Jeanne Féaux de la Croix can confidently be called a citizen of the world. She was born in Germany, but besides German, she has French and Scottish origin. She visited a lot of countries and fell in love with Kyrgyzstan.
Jeanne Féaux de la Croix is an anthropologist, author of many publications, Doctor of Science. She mainly lives in Germany and is a lecturer at the famous University of Tübingen, history of which dates back to the 15th century. The Doctor came to Kyrgyzstan for the first time 12 years ago. Since then, she comes here several times a year. Jeanne Féaux de la Croix works as a member of a team of scientists from Central Asia and Germany, who explore the social history of the Syr Darya River. Jeanne is responsible for Naryn River, which is one of its sources. She studies issues related to glaciers, hydroelectric power plants and pastures, as well as human impact on the environment; prepares scientific works and presents them at international conferences. She acquaints the local population with foreign donors, who want to help with clean water supply and solution of climate problems.
— What surprises you in Kyrgyzstan?
— There are a lot of things that I like. For example, there are almost no lonely people, maybe only among the elderly. Loneliness is one of the most serious social problems among almost all age groups in Germany.
— What in Kyrgyzstan reminds you of your homeland?
— The mountains. We have them too, and the grapes.
— Do you miss something while living here?
— I am fine. Our team is very close, and there are many people like me in it, including the Kyrgyz, who had lived in Italy or Canada for a long time, and a native of Dushanbe, who has settled in Bishkek long time ago.
I do not feel like a foreigner here. I have learned the Kyrgyz language for the first 18 months and I freely speak it since then. People around me like it. I had lived near Toktogul for a long time while writing my doctoral thesis. This is my favorite place in Kyrgyzstan.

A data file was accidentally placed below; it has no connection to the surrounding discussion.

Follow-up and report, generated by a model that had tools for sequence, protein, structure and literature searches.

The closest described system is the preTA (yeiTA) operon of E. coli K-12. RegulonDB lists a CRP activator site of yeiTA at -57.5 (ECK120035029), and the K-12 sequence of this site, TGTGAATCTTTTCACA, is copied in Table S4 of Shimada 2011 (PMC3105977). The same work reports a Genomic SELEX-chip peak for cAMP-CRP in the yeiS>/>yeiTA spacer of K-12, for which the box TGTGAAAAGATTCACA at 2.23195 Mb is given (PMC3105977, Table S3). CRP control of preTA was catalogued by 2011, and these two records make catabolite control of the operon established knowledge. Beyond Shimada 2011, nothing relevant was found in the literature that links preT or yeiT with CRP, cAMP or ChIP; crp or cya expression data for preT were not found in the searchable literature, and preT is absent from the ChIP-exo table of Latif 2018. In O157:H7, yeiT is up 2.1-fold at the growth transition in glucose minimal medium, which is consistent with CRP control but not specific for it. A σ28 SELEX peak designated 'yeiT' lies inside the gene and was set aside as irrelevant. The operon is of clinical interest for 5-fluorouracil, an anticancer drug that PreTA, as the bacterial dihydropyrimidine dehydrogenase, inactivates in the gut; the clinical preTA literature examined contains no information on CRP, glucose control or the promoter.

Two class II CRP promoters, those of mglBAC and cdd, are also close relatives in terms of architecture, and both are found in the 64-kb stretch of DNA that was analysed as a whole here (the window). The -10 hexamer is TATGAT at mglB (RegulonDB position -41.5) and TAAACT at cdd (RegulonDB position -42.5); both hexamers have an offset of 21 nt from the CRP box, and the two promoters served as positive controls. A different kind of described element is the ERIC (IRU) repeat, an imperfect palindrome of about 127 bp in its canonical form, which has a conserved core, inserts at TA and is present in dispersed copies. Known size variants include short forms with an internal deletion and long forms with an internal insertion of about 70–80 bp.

I have two children — three and six years old. Recently, I began to take them here with me. They have a good time here. We conduct field research together.
— What national dishes do you like and what are you afraid to try?
— I love chuchuk, kumyz, honey and fruit. I like Korean salads here.
I’m not afraid of anything. I have already tried everything.
— What has fascinated and disappointed you in close acquaintance with the local population?
— Migrants do not see each other for a long time, but then, when they meet, they communicate as before. Their affection and devotion to each other fascinates me.
There is not one culture in Kyrgyzstan, but a layering of many cultures. This is the wealth of the country! I see it also in Uzbekistan, Tajikistan and Kazakhstan, which I also visit on business.
I am disappointed that motorists often neglect the traffic rules. This results in traffic accidents. Few people have access to good health care. The most disappointing is the social injustice, a huge gap between the rich and the poor.
-Local people are often late. Have you noticed it?
— There is a stereotype that the Germans are very punctual. It is useful for me. People think that I am like that, and come to meetings with me on time. But, sometimes, I also come late!
— What would you change in Kyrgyzstan?
— I would try to establish social equality, in order all people to honestly pay taxes and each child to have an opportunity to study free of charge and receive medical care. And I would urge everyone to protect the environment, otherwise there will be big problems.
You can also meet nationalism and xenophobia in Europe like here now. People forget about things that unite them. Such a link in Central Asia is the river that I study. On the one hand, there is a dispute over it. On the other hand, it connects the population of the region. I would like them to remember this.